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Australia

Christmas in Australia

With 1,277,474 UK born expats currently living down under, more and more Brits are experiencing a sunny Christmas in Australia Many of Australia’s Christmas traditions have been brought over by the waves of European migrants and will be very familiar to new arrivals. Australia’s native culture and climate has shaped and influenced Christmas customs over the years, although you may still see a stoic Santa sweating it out in red polyester and hear children singing about a White Christmas. So what is it really like to spend the festive period down under? We’ve got everything you need to know about Christmas in Australia.

Dreaming of a Hot Christmas

The most obvious difference between Christmas in the UK and in Australia is the weather. As the holidays fall during the Southern Hemisphere’s Summer, it probably won’t be a white Christmas, unless you count the white sandy beaches! With temperatures ranging from 20°C in Tasmania to 33°C in Darwin, you certainly won’t need your Christmas jumpers. Wherever you are, from Perth to Cairns, you are almost guaranteed a warm, sunny Christmas Day. As it is not freezing cold and dark by four o’clock, certain festive traditions are a little different down under, but you will still see artificial snow, snowmen and holly in many Christmas displays in spite of the heat.

School’s Out For…. Christmas!

To fit in with the seasonal differences, the Australian school year runs from January to December. As in the UK, the school year ends with a six week Summer Holiday. This happy arrangement means that school children down under enjoy Christmas during this long break. While, of course, many families stay at home over the holidays, this long break opens up the possibility of travelling and exploring over Christmas and New Year. This year, with the holidays running from 18th December until 1st Feb, there’s four whole weeks to relax, travel and enjoy some quality family time, the perfect way to avoid the January blues.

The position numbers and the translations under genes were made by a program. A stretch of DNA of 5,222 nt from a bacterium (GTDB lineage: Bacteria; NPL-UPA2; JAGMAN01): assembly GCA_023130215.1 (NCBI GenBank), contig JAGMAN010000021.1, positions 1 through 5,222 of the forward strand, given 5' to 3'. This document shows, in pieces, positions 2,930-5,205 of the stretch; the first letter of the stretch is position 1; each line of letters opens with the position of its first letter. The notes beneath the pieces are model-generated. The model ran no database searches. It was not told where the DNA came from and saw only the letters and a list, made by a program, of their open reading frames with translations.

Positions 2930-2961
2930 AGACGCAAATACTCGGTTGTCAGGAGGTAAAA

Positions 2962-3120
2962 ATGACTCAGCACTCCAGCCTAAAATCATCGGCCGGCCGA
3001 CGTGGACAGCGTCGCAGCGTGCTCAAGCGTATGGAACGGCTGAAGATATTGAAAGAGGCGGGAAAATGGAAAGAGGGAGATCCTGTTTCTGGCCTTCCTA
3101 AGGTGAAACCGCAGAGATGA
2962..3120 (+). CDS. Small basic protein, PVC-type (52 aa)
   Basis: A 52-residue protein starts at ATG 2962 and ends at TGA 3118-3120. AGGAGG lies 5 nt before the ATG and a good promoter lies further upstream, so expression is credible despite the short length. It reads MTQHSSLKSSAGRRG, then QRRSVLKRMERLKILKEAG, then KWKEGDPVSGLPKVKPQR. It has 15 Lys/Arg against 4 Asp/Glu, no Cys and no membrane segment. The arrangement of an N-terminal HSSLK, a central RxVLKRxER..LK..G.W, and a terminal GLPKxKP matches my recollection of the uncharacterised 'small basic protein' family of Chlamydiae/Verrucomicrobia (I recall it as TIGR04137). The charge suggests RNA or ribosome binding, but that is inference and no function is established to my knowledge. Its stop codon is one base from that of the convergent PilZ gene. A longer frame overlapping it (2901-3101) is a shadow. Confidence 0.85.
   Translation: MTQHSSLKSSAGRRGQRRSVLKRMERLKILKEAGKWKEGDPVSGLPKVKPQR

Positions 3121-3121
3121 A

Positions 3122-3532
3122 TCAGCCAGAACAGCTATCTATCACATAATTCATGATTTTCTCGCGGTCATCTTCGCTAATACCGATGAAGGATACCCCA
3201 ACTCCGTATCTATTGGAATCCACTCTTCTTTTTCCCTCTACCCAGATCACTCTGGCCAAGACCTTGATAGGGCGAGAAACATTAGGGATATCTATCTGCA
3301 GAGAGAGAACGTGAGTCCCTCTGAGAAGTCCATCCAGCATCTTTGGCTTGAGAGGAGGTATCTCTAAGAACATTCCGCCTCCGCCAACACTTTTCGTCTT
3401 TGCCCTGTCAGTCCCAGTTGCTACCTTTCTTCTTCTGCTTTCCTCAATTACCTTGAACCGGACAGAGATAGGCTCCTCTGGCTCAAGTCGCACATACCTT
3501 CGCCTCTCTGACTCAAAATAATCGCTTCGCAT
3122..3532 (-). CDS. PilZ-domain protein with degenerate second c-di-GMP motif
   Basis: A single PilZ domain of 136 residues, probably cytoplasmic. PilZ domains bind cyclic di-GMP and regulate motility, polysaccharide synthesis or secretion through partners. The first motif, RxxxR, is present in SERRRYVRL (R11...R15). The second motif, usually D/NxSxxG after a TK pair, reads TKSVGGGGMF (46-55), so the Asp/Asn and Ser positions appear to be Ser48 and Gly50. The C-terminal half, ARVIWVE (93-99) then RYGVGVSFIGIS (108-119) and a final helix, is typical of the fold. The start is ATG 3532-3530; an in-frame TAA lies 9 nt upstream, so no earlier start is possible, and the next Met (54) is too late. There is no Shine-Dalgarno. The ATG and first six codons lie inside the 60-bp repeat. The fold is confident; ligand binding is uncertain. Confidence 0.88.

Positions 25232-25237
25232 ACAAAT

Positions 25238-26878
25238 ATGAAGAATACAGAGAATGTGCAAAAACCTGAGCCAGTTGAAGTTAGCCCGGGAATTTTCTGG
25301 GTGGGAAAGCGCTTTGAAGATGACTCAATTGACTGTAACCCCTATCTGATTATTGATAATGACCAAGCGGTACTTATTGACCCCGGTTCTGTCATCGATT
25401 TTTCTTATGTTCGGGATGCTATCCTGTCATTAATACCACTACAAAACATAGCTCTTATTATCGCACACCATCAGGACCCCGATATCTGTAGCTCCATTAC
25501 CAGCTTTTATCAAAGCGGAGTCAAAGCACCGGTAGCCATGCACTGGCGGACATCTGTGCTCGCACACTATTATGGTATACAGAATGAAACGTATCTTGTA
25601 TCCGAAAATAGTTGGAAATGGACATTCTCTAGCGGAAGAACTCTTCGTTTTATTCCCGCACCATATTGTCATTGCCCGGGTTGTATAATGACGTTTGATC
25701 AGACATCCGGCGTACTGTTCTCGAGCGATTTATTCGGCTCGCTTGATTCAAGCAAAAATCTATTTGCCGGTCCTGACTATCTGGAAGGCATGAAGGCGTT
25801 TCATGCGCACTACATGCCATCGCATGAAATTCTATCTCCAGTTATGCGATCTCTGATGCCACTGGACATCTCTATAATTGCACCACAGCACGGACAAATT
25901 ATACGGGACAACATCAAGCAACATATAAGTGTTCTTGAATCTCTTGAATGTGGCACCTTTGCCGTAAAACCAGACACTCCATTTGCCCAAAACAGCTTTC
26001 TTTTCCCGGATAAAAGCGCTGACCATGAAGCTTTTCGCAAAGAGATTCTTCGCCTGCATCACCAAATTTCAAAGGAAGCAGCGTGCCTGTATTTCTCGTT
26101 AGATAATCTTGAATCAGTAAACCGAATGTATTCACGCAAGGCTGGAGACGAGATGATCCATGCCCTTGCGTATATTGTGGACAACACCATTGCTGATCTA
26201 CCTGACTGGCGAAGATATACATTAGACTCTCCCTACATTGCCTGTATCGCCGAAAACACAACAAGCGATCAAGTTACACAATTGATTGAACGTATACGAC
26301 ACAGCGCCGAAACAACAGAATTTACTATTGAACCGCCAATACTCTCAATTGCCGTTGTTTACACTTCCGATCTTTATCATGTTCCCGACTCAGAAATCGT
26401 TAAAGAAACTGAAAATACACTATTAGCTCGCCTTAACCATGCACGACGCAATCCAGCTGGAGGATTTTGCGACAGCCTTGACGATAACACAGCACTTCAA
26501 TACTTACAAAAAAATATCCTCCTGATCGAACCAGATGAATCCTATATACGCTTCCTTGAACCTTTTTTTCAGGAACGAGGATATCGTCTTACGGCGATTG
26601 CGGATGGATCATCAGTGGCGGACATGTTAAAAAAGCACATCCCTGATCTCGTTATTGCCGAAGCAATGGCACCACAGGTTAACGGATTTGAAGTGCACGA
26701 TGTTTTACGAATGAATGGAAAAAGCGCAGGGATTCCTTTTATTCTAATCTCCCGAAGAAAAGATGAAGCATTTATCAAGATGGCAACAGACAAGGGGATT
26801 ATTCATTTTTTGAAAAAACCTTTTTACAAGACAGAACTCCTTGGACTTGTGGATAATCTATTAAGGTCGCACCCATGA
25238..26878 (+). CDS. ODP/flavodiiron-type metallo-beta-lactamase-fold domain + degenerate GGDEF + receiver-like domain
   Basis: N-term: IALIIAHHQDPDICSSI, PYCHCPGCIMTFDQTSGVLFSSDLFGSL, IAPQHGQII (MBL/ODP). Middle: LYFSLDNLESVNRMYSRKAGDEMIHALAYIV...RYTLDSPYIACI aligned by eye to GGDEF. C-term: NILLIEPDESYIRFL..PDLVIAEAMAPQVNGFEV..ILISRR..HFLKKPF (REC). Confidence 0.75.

Deck the Halls

Australia’s unique climate and culture has had a huge influence on how Christmas looks in the Antipodes. Homes, offices and public spaces are all adorned with festive decorations, but there are a few subtle differences for Christmas in Australia. In the big cities, department stores such as Myers and David Jones will put on elaborate displays that draw large crowds throughout the busy period. While Santa, tinsel and nativity scenes can still be found all over the country, real Christmas trees and holly are not commonly used. Snow, real of fake, is also not a part of traditional Australian decoration, for obvious reasons. Instead, some Australians brighten their homes with seasonal orchids or bunches of ‘Christmas Bush’, a native tree whose flowers turn bright red throughout December.

Not So Silent Nights

Like many places, Christmas in Australia is a fun, busy and noisy time. There are parties and gatherings throughout December with plenty of festive music, singing and chatting. One of the most important events in the run up to Christmas in Australia is the traditional carols concert. Across the country, carols by candlelight services are held in parks and squares throughout the warm December evenings. These heartwarming, magical gatherings are well worth seeking out to experience a true Christmas in Australia. The pleasant, temperate evenings have also encouraged the equally loud tradition of holding large public firework displays throughout the holidays. New Year’s Eve is now very much associated with bright, breathtaking displays, the most extravagant of which is the famous Sydney Harbour display.

Santa in the Sun

Of course, as all over the world, Father Christmas visits Australian children on Christmas Eve delivering presents to all good girls and boys. Santa’s traditional red fur-lined suit and sleigh can prove problematic in the heat, but it seems he can adapt to Christmas in Australia and the local climate. Santa has been spotted wearing board shorts, sunglasses and even an akubra to keep the sun off his head. It is also said he may swap his sleigh for a Holden ‘ute’ or even a surf board to better navigate the Aussie terrain.